Introduction: The aim of this investigation was to examine the extent to which work organization (i.e., occupational stress) is associated with subclinical carotid atherosclerosis.
Methods: For that purpose we used a cross-sectional study of four U.S. community samples conducted between 1987 and 1989. Participants in the study were 10,801 adults aged 45 to 64 years. Subclinical carotid atherosclerosis was assessed by measuring the intima-media thickness (IMT) of the carotid artery wall using B-mode ultrasound. Occupational stress was defined using six indicators: substantive complexity of work, physical demands, job insecurity, skill discretion, decision authority, and physical exertion. Information from U.S. national surveys on occupational stress indicators was linked to the study participants' occupation.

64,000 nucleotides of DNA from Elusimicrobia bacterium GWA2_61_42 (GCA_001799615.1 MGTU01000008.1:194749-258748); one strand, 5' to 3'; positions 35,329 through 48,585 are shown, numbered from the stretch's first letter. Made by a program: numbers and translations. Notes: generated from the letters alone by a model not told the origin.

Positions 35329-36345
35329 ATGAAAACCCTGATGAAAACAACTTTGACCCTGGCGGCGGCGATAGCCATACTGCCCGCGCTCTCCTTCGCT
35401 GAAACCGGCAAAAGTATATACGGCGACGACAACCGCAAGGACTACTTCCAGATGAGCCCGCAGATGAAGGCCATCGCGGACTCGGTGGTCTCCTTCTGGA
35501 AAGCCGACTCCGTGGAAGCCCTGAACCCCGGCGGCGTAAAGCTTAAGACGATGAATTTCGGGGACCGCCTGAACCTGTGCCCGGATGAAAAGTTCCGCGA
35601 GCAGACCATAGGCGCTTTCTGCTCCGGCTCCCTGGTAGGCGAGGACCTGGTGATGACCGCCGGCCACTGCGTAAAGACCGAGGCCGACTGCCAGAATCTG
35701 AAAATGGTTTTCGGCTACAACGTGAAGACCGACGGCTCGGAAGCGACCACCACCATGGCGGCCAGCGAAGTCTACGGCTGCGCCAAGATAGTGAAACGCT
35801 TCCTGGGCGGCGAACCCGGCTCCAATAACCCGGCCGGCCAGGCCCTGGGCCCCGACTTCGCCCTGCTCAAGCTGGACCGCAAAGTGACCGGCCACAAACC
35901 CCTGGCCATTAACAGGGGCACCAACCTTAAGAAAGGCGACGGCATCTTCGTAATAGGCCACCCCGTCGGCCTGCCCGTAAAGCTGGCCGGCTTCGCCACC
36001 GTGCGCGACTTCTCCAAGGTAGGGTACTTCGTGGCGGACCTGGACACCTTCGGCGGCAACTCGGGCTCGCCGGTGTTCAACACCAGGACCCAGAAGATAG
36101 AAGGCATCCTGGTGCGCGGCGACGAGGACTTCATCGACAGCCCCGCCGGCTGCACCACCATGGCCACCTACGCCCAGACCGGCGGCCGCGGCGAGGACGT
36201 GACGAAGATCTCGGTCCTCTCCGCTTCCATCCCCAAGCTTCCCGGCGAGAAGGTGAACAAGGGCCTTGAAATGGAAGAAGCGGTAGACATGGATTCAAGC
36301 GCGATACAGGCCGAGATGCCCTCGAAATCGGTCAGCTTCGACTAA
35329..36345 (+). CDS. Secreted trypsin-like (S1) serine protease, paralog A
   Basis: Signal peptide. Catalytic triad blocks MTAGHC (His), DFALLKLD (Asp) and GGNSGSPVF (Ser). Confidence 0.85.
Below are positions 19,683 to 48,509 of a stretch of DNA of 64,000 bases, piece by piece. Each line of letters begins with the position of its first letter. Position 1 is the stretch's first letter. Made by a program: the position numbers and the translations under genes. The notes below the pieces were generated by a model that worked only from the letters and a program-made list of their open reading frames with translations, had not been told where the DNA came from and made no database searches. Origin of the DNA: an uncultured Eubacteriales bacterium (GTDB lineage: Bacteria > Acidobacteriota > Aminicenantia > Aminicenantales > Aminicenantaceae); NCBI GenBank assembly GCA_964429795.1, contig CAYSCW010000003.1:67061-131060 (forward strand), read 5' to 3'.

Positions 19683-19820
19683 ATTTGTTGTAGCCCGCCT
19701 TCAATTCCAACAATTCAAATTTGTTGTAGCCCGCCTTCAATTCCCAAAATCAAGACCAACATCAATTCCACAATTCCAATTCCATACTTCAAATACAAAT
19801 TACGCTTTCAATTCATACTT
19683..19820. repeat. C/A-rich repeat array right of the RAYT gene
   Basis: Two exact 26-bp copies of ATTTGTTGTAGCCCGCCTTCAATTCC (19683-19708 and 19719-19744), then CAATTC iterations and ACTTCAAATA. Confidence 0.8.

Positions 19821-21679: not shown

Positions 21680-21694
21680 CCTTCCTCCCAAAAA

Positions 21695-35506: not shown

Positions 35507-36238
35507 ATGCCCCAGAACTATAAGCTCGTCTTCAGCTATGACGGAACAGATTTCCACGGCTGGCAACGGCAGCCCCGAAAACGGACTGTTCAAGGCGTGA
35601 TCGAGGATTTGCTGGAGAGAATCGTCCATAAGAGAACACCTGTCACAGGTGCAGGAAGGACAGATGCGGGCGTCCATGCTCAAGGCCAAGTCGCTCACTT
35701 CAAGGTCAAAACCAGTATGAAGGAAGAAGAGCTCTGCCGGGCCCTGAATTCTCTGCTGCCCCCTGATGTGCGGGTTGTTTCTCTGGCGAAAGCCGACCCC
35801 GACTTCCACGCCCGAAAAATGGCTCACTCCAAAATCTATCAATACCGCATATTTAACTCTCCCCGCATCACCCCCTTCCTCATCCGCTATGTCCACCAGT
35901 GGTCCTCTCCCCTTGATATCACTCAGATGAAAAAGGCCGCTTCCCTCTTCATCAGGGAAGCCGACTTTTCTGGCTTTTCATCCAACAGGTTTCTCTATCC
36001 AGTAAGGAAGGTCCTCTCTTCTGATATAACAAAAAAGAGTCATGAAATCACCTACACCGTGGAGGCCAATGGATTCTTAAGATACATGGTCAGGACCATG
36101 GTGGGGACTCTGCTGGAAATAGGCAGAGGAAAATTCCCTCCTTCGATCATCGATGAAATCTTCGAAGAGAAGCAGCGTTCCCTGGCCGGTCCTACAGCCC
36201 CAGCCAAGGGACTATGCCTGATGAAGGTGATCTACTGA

Results: We observed negative associations of complexity of work and skill discretion with mean IMT of the carotid artery wall among the four race-gender groups. In addition, physical demands was positively associated with mean IMT among blacks and job insecurity was positively associated with IMT among white women and black men. After adjustment for well-established risk factors, the magnitude of these associations was substantially reduced.
Conclusions: Taken in combination with results from recent European studies, our findings suggest that work organization plays a role in the etiology of atherosclerosis.